The University of St Andrews (informally St Andrews University or St Andrews) is a public research university in St Andrews, Fife, Scotland. It is the oldest university in Scotland and the third oldest in the English-speaking world, next to Oxford University and Cambridge University. It was founded between 1410 and 1413 when a Papal Bull was issued by the Avignon Antipope Benedict XIII to a school of higher learning formed by a small group ofAugustinian clergy. St Andrews is one of the four ancient universities of Scotland. In post-nominals the university’s name is abbreviated as St And(from the Latin Sancti Andreae).

St Andrews is ranked as the fourth best university in the UK by the Guardian University Guide 2013 and the Times Good University Guide 2014. Its Physics and Astronomy programme is ranked second in the UK, after the University of Cambridge, by the Times University Guide. The Times Higher Education World Universities Ranking names St Andrews among the world’s Top 20 Arts and Humanities universities. In the 2012 National Student Survey St Andrews had the highest student satisfaction among Scottish Universities. St Andrews requires the 3rd highest entry grades of any comprehensive university in the UK.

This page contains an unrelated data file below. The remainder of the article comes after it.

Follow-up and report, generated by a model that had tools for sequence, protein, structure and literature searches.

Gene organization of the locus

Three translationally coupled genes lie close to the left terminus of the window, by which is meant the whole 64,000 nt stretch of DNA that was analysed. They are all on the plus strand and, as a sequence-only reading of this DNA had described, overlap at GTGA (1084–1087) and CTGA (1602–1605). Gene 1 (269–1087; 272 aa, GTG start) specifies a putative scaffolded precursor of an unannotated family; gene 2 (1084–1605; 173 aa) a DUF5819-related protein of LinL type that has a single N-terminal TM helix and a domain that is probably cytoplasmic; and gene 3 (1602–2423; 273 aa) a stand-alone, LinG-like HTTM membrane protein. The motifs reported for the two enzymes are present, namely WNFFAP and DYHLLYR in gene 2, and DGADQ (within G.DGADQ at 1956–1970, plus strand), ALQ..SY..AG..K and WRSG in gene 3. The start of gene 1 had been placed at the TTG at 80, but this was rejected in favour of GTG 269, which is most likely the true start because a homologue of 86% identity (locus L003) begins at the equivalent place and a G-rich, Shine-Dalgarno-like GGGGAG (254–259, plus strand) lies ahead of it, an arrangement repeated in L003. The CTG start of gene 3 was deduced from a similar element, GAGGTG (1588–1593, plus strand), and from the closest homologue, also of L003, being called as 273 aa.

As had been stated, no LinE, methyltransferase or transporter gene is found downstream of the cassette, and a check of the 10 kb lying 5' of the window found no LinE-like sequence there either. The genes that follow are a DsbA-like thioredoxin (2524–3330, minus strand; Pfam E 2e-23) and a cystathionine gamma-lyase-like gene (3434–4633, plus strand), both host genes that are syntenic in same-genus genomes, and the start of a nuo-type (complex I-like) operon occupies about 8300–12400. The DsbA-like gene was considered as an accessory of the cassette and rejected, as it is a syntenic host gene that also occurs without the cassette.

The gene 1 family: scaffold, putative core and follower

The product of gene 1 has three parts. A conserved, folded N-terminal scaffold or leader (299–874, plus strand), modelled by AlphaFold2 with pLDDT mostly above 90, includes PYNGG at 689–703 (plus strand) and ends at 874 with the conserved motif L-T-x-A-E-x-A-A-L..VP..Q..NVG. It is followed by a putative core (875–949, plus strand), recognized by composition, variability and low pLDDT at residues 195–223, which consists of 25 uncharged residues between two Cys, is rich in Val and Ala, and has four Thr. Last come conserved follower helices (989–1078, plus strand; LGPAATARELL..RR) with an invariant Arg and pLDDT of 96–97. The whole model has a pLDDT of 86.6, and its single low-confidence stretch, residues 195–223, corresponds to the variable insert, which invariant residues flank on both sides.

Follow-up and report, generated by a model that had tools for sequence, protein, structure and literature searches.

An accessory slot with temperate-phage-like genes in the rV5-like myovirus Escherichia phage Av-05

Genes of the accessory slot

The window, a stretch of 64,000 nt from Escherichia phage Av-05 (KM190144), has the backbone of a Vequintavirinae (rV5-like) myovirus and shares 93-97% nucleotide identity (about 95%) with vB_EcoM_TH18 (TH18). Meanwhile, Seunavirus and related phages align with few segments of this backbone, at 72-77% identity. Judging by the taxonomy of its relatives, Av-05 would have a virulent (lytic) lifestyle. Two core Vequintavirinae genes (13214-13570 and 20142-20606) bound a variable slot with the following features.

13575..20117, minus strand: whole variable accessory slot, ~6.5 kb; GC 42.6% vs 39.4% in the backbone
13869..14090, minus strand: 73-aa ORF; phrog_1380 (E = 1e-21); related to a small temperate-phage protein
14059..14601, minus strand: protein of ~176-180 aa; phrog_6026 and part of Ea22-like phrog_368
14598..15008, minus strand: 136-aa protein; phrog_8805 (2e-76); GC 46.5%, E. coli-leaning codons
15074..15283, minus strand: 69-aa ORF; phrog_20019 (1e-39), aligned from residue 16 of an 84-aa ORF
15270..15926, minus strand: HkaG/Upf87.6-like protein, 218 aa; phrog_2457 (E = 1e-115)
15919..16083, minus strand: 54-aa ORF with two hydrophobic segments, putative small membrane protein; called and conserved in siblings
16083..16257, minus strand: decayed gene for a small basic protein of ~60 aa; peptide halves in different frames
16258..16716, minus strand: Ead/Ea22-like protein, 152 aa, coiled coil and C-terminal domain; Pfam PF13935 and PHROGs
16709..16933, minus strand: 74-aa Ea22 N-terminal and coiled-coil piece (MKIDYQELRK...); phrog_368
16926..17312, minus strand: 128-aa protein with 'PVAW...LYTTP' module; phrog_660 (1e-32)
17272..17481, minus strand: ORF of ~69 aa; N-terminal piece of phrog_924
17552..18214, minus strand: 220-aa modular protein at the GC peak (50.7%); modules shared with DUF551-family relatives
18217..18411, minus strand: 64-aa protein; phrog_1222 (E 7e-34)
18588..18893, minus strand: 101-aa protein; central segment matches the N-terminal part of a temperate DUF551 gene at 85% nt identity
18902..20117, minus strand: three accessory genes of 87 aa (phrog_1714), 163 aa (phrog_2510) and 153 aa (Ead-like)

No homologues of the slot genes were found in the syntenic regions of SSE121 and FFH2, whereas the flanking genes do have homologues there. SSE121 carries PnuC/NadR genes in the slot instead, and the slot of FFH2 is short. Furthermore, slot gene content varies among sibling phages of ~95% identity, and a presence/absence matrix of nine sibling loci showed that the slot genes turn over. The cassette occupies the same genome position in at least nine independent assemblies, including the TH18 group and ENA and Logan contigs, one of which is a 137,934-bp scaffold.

The University of St Andrews is located in the small town of St Andrews in rural Fife. In term time over a third of the town’s population is either a staff member or student of the university. St Andrews also has a diverse student body with over 30% of its intake consisting of international students from well over 100 countries, and with 15% of the student body coming from North America. 

The University’s sport teams compete in BUCS competitions. The student body is well known for preserving a variety of university traditions. The university is associated with 5 Nobel Laureates (i.e. 2 Nobel Prize in Chemistry, 1 Nobel Prize in Physiology or Medicine, 1 Nobel Peace Prizeand 1 Nobel Prize in Literature).